”The first iteration of Google Glass is refined, if a little socially precocious.”
If you’re one of these people who is seriously considering getting their hands on Google’s latest attempt to ‘cyborgify’ humanity, (eventually plunking down the $1,500 required in the process), your first point of call may be to check out some first impressions from an early adopter.
The Entrepreneur’s Taylor Hatmaker was lucky enough to become one of the 1,000 non-Google employees to get her hands on the face-worn device, and thus is one of the first people in the world to be able to convey her experience while both wearing and interacting with Google Glass.
For those unaware, Google Glass is a wearable computer with a head-mounted display (HMD) that is currently in development at Google. Just over 1,000 units have thus far been issued to people both inside and outside of the company, with the firm currently taking feedback on how it can better improve the product for the consumer and enterprise market.
One of the points of user feedback Google is particularly said to be interested in is the device’s final price. According to recent reports relating to the (possibly imminent) addition of text and navigation services to Glass for iOS users, Google is now expected to rethink the price of Glass ahead of the product’s slated 2014 launch, the result of which could see the company offer the head-mounted display unit for a “significantly reduced price.”
The main purpose of Glass is to be an unobtrusive addition to the modern consumer’s life, while providing them with a kind of ‘extension’ to their reality through both real-time information and use of ‘augmented’ services. Activated with a simple “OK Glass” voice command, Google aims to make the set of glassless glasses your new personal assistant. One that is both reliable in its offerings, but doesn’t disrupt your life to the point where you feel you would be better off using something else to achieve the same goal.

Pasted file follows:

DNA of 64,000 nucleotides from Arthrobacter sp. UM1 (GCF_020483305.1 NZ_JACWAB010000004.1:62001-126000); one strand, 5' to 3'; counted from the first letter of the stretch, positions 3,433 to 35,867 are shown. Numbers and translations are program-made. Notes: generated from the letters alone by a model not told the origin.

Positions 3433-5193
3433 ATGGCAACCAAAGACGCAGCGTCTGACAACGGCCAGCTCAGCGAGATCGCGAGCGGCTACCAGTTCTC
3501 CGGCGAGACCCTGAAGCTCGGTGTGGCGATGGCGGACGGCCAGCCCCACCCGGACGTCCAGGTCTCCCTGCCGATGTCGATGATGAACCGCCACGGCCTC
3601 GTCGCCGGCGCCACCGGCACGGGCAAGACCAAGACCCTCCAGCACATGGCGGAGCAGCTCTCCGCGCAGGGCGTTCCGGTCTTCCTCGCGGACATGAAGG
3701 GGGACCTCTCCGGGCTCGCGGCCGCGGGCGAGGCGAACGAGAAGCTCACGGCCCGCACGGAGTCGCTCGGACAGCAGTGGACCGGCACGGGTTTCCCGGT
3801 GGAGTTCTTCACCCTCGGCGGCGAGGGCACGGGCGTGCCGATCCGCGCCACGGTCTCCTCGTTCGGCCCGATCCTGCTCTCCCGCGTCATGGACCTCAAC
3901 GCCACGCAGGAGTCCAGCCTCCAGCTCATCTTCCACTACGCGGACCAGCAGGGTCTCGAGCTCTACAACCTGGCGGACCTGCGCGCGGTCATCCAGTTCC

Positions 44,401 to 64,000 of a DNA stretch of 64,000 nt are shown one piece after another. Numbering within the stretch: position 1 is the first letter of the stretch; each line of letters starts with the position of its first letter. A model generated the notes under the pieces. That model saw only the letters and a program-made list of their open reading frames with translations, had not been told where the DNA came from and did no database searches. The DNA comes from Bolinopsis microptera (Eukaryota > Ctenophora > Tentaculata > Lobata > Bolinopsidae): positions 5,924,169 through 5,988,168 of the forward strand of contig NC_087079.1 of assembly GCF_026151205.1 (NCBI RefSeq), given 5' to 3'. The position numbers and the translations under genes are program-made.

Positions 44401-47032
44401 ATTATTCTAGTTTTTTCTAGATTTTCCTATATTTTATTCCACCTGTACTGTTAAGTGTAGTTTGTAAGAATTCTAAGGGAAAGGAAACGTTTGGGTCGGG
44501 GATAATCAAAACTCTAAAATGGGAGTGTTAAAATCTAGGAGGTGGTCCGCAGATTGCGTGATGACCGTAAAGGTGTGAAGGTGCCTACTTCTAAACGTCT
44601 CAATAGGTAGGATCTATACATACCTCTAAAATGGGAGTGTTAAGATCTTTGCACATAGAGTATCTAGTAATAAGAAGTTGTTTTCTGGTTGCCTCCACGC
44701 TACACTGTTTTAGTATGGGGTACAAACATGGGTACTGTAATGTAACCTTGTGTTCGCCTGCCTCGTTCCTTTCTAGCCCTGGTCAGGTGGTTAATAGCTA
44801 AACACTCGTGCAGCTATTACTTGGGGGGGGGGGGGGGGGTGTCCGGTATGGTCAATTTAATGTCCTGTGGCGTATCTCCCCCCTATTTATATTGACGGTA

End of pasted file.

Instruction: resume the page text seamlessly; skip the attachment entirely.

The first of an interesting four-part series detailing her personal experiences while using Google Glass, Hatmaker notes that she “received [her] pair of Glass on Friday morning” and consequentially “wore them through Sunday afternoon,” taking them off “only to sleep.”
Perhaps a sign of what’s to come?
“The experience looking into Google’s custom Glass interface is like having a tiny TV overlay above your eye. You can easily make eye contact with others. To check the Glass display, you glance upward.”
“The screen can be activated via an upward head nod or by tapping the right side of the device. To get around the interface, it’s all tapping and swiping with one finger (down, forward, back) on the side surface of Glass. Many actions also incorporate voice controls starting with “OK Glass” to do things like search Google or dictate texts.”
Describing the disruption to her social life whilst using Glass, she writes:
“I was skeptical, but after wearing Glass regularly I found myself checking my Nexus 4 smartphone less and less. I could use Glass to receive social media updates and receive emails, so I felt at ease knowing that the information most important to me would appear literally right before my eyes.”
Hatmaker concludes her initial experience with the head-mounted device as both one which is “refined,” but, all in all, an experience which seems “a little socially precocious” with a few current limitations.
The Question: Will you jump on Google Glass yourself?